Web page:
Support for Culture and Creative sectors: Letter to UK Secretary of State for Culture

Letter from Culture Minister Kaukab Stewart calling for UK Government to take more action to help support and nurture the culture and creative sectors.

To: Secretary of State for Culture

From: Minister for Culture, Europe and International Development

05 March 2024

I am writing to you ahead of the UK Government’s Spring Budget announcement this year to set out the Scottish Government’s concerns and priorities for supporting our culture and creative sectors. As you will be aware, Brexit has had and is continuing to have a devastating impact on a sector which is also struggling to recover from the pandemic. Like everyone else, arts and culture businesses and organisations are also suffering from cost of living pressures and inflation. At a time when individual artists, bands and groups are having to find more to feed themselves, to keep the lights and heating on and roofs over their heads, they find their ability to generate income compromised. It is simply not acceptable for the UK Government to continue to do nothing or little to address these pressures and issues.

The UK Government could help significantly in this Spring budget by responding positively to the priorities that I set out below. I would be very happy to discuss these with you.


There remains concern from stakeholders regarding the impending reduction in theatre, orchestra and museums and galleries tax relief from April 2025. Existing tax reliefs have been of great importance to the sector in helping to sustain organisations amid significantly increased operating costs and issues resulting from the COVID-19 pandemic. Retaining this this relief at the higher level beyond April 2025 would send a strong signal to this vital sector, which supports thousands of jobs and businesses, and provides cultural opportunities for people – including children and young people – from the UK and beyond, to enjoy.


VAT could and should be reduced to encourage energy efficiency improvements in traditional homes as part of the UK’s commitment to reach net zero emissions by 2050.

Traditional buildings and structures currently face increasing effects of climate change as we experience more weather extremes in temperature and rainfall, which exacerbates the need for ongoing and regular programmes of maintenance and repair. The reuse and repair of existing assets offers opportunities for the historic environment to make a clear contribution to Scotland’s own ambitious target for net zero emissions by 2045. Energy efficiency measures and retrofit options can present challenges, however it is important that historic and traditional buildings are not seen as a barrier to achieving our targets and that the full benefits they present, particularly in terms of environmental and carbon impact, are recognised.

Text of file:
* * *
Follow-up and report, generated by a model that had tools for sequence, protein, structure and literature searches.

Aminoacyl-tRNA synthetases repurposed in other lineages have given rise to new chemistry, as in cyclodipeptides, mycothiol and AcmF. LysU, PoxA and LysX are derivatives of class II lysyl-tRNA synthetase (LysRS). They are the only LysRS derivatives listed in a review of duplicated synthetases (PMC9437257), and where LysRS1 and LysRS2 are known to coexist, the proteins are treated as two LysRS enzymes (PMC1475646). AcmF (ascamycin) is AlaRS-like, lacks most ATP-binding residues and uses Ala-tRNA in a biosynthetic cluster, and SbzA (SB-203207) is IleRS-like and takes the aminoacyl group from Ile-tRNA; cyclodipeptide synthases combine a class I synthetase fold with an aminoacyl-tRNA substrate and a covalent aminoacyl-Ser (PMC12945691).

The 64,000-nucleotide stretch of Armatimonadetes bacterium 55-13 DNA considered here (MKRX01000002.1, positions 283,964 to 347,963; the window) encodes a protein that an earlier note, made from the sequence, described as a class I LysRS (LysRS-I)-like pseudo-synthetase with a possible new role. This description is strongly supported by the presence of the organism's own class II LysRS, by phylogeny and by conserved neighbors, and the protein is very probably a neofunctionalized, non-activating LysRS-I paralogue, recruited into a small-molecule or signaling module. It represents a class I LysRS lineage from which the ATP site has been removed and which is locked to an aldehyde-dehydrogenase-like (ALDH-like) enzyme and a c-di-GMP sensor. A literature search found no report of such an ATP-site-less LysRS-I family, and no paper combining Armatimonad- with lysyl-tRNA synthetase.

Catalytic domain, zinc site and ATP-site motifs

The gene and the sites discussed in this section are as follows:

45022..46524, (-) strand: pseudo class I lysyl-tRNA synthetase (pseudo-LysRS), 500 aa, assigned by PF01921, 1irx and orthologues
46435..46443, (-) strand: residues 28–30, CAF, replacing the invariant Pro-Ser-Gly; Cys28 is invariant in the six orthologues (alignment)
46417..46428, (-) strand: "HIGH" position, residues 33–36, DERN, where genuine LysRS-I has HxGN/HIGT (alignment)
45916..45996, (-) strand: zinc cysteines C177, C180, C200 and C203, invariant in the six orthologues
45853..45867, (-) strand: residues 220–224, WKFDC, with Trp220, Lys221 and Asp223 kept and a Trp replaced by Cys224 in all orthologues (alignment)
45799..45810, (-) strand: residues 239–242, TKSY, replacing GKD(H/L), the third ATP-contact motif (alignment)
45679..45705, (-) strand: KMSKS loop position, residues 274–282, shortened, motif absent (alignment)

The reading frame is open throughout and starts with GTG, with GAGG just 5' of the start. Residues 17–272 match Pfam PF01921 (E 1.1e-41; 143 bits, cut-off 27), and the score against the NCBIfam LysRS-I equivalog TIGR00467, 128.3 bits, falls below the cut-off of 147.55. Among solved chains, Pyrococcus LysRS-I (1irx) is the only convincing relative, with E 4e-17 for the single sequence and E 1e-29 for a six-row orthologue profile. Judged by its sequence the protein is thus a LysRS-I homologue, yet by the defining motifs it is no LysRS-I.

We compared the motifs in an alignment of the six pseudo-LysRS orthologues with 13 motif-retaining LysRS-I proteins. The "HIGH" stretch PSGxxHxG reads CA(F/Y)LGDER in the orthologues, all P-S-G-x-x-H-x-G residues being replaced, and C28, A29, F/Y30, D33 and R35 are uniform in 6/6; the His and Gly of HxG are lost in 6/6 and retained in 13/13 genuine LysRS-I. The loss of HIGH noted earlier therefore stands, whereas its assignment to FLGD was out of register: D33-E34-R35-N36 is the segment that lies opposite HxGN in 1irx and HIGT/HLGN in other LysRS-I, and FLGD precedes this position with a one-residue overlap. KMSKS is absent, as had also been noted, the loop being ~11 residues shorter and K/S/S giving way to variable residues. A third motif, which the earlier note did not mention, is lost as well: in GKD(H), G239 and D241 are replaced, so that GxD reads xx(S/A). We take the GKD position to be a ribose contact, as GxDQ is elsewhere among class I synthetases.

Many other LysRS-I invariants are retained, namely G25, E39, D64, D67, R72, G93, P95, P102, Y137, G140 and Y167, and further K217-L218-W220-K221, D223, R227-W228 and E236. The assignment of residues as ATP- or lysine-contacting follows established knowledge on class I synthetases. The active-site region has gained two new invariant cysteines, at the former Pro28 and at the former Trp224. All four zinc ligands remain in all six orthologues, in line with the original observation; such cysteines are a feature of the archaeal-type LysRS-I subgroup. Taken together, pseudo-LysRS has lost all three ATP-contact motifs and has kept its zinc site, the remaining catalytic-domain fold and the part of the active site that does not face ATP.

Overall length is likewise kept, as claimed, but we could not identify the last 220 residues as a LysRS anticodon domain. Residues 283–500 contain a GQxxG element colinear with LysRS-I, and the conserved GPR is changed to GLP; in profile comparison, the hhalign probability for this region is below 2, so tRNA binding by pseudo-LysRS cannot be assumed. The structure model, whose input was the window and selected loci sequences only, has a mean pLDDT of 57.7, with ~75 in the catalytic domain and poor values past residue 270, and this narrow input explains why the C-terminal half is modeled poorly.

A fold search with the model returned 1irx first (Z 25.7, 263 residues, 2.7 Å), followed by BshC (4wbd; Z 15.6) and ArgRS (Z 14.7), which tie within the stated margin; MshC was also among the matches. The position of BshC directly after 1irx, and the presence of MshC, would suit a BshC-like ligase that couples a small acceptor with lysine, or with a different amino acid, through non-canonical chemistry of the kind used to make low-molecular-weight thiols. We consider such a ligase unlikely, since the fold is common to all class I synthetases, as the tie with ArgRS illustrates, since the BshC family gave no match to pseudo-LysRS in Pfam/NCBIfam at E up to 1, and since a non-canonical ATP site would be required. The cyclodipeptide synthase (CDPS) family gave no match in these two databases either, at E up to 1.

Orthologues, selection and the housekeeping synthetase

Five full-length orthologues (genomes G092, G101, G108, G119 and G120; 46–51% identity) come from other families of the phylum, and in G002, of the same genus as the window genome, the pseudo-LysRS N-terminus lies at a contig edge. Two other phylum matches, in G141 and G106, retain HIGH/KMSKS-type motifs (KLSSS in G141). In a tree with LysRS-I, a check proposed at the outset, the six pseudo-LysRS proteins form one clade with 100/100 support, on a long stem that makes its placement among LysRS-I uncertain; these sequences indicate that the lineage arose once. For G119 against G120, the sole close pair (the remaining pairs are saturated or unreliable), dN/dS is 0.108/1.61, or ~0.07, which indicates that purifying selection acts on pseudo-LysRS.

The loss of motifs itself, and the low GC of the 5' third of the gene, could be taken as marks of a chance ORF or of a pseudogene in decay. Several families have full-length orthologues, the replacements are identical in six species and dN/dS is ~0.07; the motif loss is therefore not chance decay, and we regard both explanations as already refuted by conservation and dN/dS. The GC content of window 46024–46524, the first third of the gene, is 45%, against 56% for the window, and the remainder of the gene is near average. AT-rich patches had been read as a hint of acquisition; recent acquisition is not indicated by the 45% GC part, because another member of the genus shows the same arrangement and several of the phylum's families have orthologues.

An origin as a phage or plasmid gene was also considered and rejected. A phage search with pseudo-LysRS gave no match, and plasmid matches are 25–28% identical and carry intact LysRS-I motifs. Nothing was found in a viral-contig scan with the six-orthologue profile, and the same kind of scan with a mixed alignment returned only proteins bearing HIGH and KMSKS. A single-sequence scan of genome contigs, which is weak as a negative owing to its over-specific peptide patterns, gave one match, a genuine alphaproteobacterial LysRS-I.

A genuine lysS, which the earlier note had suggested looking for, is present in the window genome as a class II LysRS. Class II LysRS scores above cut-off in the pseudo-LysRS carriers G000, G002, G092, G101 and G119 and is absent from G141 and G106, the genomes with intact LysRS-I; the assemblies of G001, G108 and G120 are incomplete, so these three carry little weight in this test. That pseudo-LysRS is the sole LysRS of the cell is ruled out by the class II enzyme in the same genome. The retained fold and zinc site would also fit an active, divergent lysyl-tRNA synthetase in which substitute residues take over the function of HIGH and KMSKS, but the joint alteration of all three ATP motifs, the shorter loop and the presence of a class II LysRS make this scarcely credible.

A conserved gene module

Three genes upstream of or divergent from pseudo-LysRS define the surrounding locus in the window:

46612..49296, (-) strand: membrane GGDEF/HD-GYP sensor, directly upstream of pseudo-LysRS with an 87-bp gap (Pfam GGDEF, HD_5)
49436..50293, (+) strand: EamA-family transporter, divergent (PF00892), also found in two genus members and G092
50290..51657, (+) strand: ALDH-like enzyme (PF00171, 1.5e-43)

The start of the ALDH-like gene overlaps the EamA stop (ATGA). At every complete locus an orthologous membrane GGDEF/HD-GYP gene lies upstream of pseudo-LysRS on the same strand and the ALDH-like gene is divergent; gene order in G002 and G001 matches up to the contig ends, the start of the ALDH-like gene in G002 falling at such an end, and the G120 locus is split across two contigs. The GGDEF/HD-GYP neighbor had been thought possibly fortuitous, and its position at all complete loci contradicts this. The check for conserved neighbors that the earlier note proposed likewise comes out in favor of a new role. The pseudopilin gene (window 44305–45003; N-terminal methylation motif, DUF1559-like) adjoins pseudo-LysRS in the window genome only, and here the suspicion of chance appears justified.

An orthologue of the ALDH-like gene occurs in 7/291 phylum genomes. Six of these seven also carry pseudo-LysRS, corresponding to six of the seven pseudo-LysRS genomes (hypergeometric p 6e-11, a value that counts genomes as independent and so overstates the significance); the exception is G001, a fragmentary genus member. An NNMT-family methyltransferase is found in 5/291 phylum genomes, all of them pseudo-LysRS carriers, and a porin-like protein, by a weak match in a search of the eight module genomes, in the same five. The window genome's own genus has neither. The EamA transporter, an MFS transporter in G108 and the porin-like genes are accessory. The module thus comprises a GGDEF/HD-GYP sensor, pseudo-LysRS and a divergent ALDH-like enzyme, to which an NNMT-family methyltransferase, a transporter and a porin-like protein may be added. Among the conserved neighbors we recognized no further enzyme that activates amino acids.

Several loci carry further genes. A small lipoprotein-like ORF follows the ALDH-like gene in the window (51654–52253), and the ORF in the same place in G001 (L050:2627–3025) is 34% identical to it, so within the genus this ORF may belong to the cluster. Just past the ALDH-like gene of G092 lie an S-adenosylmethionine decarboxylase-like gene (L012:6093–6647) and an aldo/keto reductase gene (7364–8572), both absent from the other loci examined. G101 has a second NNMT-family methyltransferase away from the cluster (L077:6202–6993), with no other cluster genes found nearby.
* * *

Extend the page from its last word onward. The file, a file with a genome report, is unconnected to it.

Given the number of traditional buildings in Scotland, property owners in all sectors are facing significant costs in meeting energy efficiency targets. The Scottish Government has recognised in its housing strategy, Housing to 2040, that reductions in VAT on household repairs would encourage home renovation in Scotland, and better equip homes for the challenges posed by climate change and the transition to net zero. The strategy highlights the importance of improving our existing housing stock, but current VAT charges act as a disincentive in comparison to new builds which have reduced VAT.

A targeted VAT reduction for the repair and maintenance of traditional buildings would send a clear message in response to the climate crisis that emphasises the importance of our heritage. I would hope that DCMS would wish to make a case to the Treasury for a change to VAT in this area, and can confirm that the Scottish Government would fully support it.


Finally, as indicated above, Brexit has had a profound impact across our culture and creative sectors. The Creative Europe programme had extensive benefits for the sector, including a vital source of funding and the facilitation of cross-border cultural collaboration. Ongoing participation in the programme following Brexit was demonstrated to represent good value for money. The Scottish Government remains profoundly disappointed at the UK Government’s decision not to continue participation. The UK Government needs to revisit that decision and seek talks with the EU about rejoining Creative Europe, which would bring benefits to both Parties.

Brexit has also had significant impacts on UK-based creative professionals’ ability to work internationally. While ongoing engagement with the EU and member states is welcome, I have heard from the sector that further immediate support to overcome barriers to activities such as touring is required. I would welcome further discussions with you on what options you are considering to mitigate these impacts. This would be a key area in which we could collaborate and demonstrate our support for this vital and dynamic industry by working together to find solutions.

I look forward to receiving your views on these priorities, and hopefully, I have encouraged you to raise them with the Chancellor of the Exchequer ahead of the UK budget.

At the very least, I hope we can discuss them and agree a joint position to take them forward with other devolved Ministers.

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